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Criminal Hackers Behind Colonial Pipeline Shutdown Made $90 Million Of Bitcoin In Nine Months

Colonial Pipeline

A report from a British intelligence group finds that Colonial Pipeline is just one additional victim in a long ransom history by Darkside.


The group of hackers responsible for the Colonial Pipeline cyberattack received $90 million worth of Bitcoin ransom funding in the past nine months, research from an analytics company shows. The crime group announced it would cease operations last week.

Darkside was confirmed by the FBI to be behind the attack on the pipeline and is known for selling criminals software hacking materials to get money. On average, the suspected Eastern European group made $1.9 million per attack, according to Elliptic — a blockchain analytics group in England.

Colonial was the latest victim, a 5,500 mile-long oil pipeline that supplies 45 percent of the East Coast’s fuel. Darkside obtained $5 million in ransom money from Colonial and re-launched operations on May 12. The company claimed Tuesday the internal server went offline because of “intermittent disruptions.”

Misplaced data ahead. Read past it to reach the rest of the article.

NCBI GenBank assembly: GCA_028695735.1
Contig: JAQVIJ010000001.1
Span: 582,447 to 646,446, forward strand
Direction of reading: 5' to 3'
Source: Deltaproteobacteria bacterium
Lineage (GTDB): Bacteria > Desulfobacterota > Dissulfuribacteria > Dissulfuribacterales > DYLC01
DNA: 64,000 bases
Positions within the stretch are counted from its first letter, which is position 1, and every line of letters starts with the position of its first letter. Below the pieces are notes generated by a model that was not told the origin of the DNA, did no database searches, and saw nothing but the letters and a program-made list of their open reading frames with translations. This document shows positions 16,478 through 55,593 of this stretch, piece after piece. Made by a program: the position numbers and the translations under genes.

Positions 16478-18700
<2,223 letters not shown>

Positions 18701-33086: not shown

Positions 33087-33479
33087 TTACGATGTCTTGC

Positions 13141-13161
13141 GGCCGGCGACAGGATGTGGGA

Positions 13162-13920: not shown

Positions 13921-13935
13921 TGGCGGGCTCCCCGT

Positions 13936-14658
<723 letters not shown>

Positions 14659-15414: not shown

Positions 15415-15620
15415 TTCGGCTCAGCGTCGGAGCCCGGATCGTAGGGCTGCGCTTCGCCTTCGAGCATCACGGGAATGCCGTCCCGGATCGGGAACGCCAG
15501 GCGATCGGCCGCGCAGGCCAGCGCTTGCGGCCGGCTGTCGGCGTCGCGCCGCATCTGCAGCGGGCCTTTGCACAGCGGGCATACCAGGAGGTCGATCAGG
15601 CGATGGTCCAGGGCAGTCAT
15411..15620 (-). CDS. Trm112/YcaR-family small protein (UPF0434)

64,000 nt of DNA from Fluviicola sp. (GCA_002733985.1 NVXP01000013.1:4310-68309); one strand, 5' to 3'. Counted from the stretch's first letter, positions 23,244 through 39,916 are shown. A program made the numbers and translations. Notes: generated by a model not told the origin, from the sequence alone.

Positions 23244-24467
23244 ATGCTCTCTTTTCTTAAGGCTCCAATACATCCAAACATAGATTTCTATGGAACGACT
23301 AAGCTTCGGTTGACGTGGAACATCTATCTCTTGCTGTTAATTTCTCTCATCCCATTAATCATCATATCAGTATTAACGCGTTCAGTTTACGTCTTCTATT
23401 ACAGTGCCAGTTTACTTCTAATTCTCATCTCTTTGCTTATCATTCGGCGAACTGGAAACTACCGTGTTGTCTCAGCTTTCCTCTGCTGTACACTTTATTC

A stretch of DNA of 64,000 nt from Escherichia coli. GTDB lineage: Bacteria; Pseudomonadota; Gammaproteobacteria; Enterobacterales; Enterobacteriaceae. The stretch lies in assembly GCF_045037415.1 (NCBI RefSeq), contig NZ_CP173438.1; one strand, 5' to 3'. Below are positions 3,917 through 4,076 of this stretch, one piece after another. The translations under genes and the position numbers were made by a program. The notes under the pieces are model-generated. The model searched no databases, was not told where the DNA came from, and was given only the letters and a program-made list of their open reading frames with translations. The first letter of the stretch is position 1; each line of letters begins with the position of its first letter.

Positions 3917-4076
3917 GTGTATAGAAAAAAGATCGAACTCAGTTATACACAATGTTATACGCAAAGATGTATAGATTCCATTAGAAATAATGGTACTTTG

As of Tuesday, the GasBuddy app shows more than 10,400 U.S. gas stations do not have gas. Virginia, Georgia, Washington D.C., and both Carolinas have been hit the hardest, where people also panicked and purchased gas in bulk quantities. Gas prices went as high as $6.99 a gallon in the state of Virginia.

Criminal intelligence platform DarkTracer estimates that 99 groups have been attacked by Darkside’s malware in their systems. Fireye, a cybersecurity firm, found that since launching in August 2020, Darkside has conducted criminal activity in more than 15 countries and a variety of sectors.

Intel 471, a research group, confirmed last week that Darkside is no longer in operation because it lost access to its cryptocurrency wallets and online servers. The cryptocurrency can still be converted to fiat currency via the application Coinbase or another more advanced software.